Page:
Have Aliens Found Us? An Interview with the Harvard Astronomer Avi Loeb About the Mysterious Interstellar Object ‘Oumuamua | The New Yorker
I recently spoke by phone with Loeb, who was frustrated that scientists saw ‘Oumuamua too late in its journey to photograph the object. “My motivation for writing the paper is to alert the community to pay a lot more attention to the next visitor,” he told me. During our conversation, which has been edited and condensed for clarity, we discussed why Loeb thinks we need to consider the possibility that ‘Oumuamua was sent by aliens, the dangers of unscientific speculation, and what belief in an advanced extraterrestrial civilization has in common with faith in God.
astronomy  science  space  aliens 
yesterday by since1968
FOV Calculator - 12DString
Nice field of view calculator for astro photography
astronomy  astrophotography  photography  telescope 
yesterday by thcipriani
Have Aliens Found Us? An Interview with the Harvard Astronomer Avi Loeb About the Mysterious Interstellar Object ‘Oumuamua | The New Yorker
On October 19, 2017, astronomers at the University of Hawaii spotted a strange object travelling through our solar system, which they later described as “a red and extremely elongated asteroid.
Archive  astronomy  space 
yesterday by dvand5
The moon’s craters suggest Earth hasn’t erased lots of past impacts | Science News
History of now - Snowball earth, moon, craters,

The lack of ancient impact craters on Earth (older than 650 mya) was presumed to be due to erosion, plate tectonics.

New evidence from lunar craters suggest otherwise. The bombardment rate between 650mya and 290mya was low and picked (hence few craters on Earth), with an uptick in bombardment around 290 mya (evidence of which does survive on Earth).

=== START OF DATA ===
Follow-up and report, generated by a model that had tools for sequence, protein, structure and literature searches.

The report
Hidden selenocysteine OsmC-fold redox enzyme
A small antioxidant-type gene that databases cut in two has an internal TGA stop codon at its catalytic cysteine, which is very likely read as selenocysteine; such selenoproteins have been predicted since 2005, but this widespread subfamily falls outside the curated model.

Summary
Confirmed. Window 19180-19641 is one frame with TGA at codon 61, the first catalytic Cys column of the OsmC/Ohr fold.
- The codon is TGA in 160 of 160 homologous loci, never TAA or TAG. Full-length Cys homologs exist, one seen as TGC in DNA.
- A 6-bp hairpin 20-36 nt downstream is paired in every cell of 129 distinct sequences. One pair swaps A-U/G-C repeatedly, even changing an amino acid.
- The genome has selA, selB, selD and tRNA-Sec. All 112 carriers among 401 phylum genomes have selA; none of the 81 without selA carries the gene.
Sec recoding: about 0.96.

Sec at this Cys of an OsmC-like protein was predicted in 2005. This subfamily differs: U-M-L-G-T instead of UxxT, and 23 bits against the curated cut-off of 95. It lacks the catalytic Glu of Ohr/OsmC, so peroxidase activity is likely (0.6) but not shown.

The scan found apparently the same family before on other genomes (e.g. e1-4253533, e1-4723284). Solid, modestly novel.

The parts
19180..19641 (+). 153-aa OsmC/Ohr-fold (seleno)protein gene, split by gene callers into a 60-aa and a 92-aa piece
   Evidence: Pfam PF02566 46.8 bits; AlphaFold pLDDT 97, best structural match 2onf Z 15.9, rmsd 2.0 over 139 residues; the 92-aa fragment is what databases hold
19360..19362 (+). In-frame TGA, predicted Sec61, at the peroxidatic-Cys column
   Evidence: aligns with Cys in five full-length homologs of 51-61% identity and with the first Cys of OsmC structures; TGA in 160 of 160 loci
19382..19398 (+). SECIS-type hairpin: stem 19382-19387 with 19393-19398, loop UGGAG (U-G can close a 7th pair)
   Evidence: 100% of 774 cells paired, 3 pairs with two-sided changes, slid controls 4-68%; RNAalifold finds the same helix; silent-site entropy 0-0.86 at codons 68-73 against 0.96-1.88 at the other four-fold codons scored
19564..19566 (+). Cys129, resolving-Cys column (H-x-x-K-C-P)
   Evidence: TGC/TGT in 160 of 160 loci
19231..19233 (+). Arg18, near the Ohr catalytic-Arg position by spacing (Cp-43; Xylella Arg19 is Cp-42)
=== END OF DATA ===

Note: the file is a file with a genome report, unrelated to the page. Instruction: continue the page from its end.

The reason for lack of craters before 650 mya? Snowball Earth ~650mya wiped away evidence of earlier bombardments, not plate tectonics and slow erosion from wind and rain.
History_of_now  moon  Space  astronomy  astrobiology  planets  grade_A 
yesterday by Marcellus
APOD: 2019 January 17 - Cabin Under the Stars
Explanation: Gocka's, a family nickname for the mountain cabin, and a wooden sled from a generation past stand quietly under the stars. The single exposure image was taken on January 6 from Tanndalen Sweden to evoke a simple visual experience of the dark mountain skies. A pale band of starlight along the Milky Way sweeps through the scene. At the foot of Orion the Hunter, bright star Rigel shines just above the old kicksled's handrail. Capella, alpha star of Auriga the celestial charioteer, is the brightest star at the top of the frame. In fact, the familiar stars of the winter hexagon and the Pleiades star cluster can all be found in this beautiful skyscape from a northern winter night.
astronomy  photography  nature  APOD 
2 days ago by rgl7194
Why is the night sky dark?
The mystery of the dark sky is solved by the fact that this history has a beginning—a time before stars and galaxies. Many cosmologists think the universe started out as a very small point, and then started inflating like a balloon in an event called the Big Bang. If you look deep enough, you can see so far back in time that you get close to the Big Bang. “You just run out of stars,” Kinney says. “And you run out of stars, in the grand scheme of things, relatively quickly.”